‘We want to place these women in synagogues’

‘We want to place these women in synagogues’

Staff Writer, New Jersey Jewish News

Rabbi Jeffrey Fox has a strange professional goal: to put himself out of a job.

He is rosh yeshiva, or head, of Yeshivat Maharat, launched in 2009 by Rabbi Avi Weiss as the first Orthodox institution to “ordain Orthodox women as spiritual leaders and halachic authorities” — not quite as rabbis, but with comparable training and qualifications for the roles rabbis serve in synagogues, schools, and institutions.

A graduate of Yeshivat Chovevei Torah, Weiss’s “open” Orthodox rabbinical seminary for men, Fox left a pulpit in Englewood in 2010 for the position at Yeshivat Maharat and is now in the middle of his second year. He will be spending Shabbat, Feb. 24-25, at the Mount Freedom Jewish Center with YM student Miriam Gonczarska, an educator with the Jewish community of Warsaw. Fox and the center’s Rabbi Menashe East studied together in Israel and became friends there before attending YCT.

In advance of the talk, Fox spoke with NJJN about becoming rosh yeshiva, the challenges the institution faces, and some of its goals.

NJJN: What made you want to become rosh yeshiva of Yeshivat Maharat?

Rabbi Jeffrey Fox: That’s the hardest of all the questions. Part of it was that as the father of four young boys, I was looking for something that would allow me to have Shabbat back, and I wanted to continue to be involved in some capacity with rabbis and training leaders. The timing was fortuitous.

NJJN: It’s one thing to go to YCT and take a moderate Orthodox position; isn’t it quite another to take on what is the rough equivalent of women’s ordination in Orthodox Judaism?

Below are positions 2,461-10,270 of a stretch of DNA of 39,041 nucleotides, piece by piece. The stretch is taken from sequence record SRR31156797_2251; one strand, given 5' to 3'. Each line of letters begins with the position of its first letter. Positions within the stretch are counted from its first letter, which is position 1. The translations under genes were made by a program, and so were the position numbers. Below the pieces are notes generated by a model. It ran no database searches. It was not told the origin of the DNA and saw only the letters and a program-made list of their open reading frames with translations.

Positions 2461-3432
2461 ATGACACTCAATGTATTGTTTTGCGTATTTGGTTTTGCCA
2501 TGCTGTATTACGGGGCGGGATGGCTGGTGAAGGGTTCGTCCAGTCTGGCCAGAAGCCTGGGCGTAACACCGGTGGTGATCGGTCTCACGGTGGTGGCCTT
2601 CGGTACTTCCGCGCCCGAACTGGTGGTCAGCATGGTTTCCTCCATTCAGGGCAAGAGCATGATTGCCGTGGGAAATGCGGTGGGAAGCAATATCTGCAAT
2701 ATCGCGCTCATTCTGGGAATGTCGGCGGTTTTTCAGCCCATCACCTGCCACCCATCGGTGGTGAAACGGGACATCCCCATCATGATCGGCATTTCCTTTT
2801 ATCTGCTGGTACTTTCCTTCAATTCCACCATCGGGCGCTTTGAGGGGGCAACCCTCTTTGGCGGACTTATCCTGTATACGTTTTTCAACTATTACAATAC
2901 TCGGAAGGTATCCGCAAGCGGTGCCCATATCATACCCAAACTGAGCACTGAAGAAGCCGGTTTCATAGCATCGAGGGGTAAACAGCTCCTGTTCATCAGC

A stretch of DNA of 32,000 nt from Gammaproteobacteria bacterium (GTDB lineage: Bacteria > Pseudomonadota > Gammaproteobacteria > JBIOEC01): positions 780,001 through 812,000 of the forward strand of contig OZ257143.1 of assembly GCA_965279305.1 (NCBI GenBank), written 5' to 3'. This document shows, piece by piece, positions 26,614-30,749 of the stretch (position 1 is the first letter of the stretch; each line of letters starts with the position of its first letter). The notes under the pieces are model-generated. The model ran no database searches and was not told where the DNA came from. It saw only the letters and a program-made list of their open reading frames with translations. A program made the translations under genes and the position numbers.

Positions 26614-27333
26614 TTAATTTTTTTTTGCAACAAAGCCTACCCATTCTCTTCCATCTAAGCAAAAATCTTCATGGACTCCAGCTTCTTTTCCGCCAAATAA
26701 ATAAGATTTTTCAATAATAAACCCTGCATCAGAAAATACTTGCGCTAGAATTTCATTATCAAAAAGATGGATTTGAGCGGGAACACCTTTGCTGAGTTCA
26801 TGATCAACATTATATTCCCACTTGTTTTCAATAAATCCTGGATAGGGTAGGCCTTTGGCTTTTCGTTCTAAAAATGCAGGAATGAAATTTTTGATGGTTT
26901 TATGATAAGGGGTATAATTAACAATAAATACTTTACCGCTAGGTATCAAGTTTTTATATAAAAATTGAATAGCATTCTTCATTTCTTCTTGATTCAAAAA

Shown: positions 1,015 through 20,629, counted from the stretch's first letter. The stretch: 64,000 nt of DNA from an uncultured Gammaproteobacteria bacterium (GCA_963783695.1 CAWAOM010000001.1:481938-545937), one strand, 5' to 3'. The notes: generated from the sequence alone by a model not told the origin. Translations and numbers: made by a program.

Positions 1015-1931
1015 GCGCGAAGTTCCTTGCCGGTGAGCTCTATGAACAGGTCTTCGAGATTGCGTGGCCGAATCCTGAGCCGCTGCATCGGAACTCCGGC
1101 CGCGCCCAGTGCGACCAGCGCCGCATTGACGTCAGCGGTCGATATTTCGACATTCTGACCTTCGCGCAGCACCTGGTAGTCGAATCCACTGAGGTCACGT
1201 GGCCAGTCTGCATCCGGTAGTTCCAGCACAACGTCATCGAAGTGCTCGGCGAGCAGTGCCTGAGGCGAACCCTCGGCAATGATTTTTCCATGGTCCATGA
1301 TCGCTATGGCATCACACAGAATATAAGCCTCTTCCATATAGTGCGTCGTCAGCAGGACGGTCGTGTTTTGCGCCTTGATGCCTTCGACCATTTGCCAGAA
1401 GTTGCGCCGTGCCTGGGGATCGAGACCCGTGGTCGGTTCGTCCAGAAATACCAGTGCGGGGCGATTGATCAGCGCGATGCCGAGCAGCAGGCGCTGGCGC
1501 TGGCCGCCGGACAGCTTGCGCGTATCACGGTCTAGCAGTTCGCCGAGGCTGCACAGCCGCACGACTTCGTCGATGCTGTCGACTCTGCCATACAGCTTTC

Fox: Ideologically, part of me would like to envision a different type of Modern Orthodoxy that values the voice of women in religious leadership. I was able to do this in some ways in my synagogue, by offering b’not mitzva and my including women in small aspects of leadership. This gives me the opportunity to think nationally and globally about the role women have to play.

NJJN: Do you think the position of rosh yeshiva ought to go to a woman, considering the nature of the school?

Fox: Yes. I half jokingly say my job is to train my students to put me out of a job. The reality is, however, there are not enough women right now with the learning and the poskening experience to be in this position. But that’s changing. I’d like to say eventually my role will be filled by a woman.

NJJN: What are the biggest challenges you face?

Fox: We want to be able to place these women in synagogues in the Orthodox Jewish community. So our goals include laying the groundwork to do this, and not just educating our students but also educating our congregations. We have to show them that this is for real. We need to train the Orthodox Jewish community for this.

NJJN: And that is more likely to happen in day schools than in a synagogue setting, right?

Fox: Yes, it is easier in day schools. But some synagogues want women, typically as education director, community scholars, and scholars-in-residence. I think any of these are great. I’m cognizant of the need to take baby steps and think about the broadest impact. Therefore, I’m not gunning for senior rabbi positions — at some point, maybe — and the language might be different. But some synagogues are interested in our students. We’ve even had synagogues led by [Rabbinical Council of America] rabbis have our students come to speak.

NJJN: Are you getting any pushback from the larger Orthodox community?

Fox: Look, I don’t feel the pushback. Where synagogues invite our students to come, well, it’s a self-selecting group. Any criticism is twice removed. Maybe a rabbi’s colleagues in a community will say something privately to him, but we won’t hear about that.

NJJN: Have you had trouble recruiting women?

Fox: People find us. There are not any other programs for women in the Orthodox Jewish world like ours, and our name is known widely enough. There are many women who have learned at a high level, but often Talmud and Halacha have not been normative.

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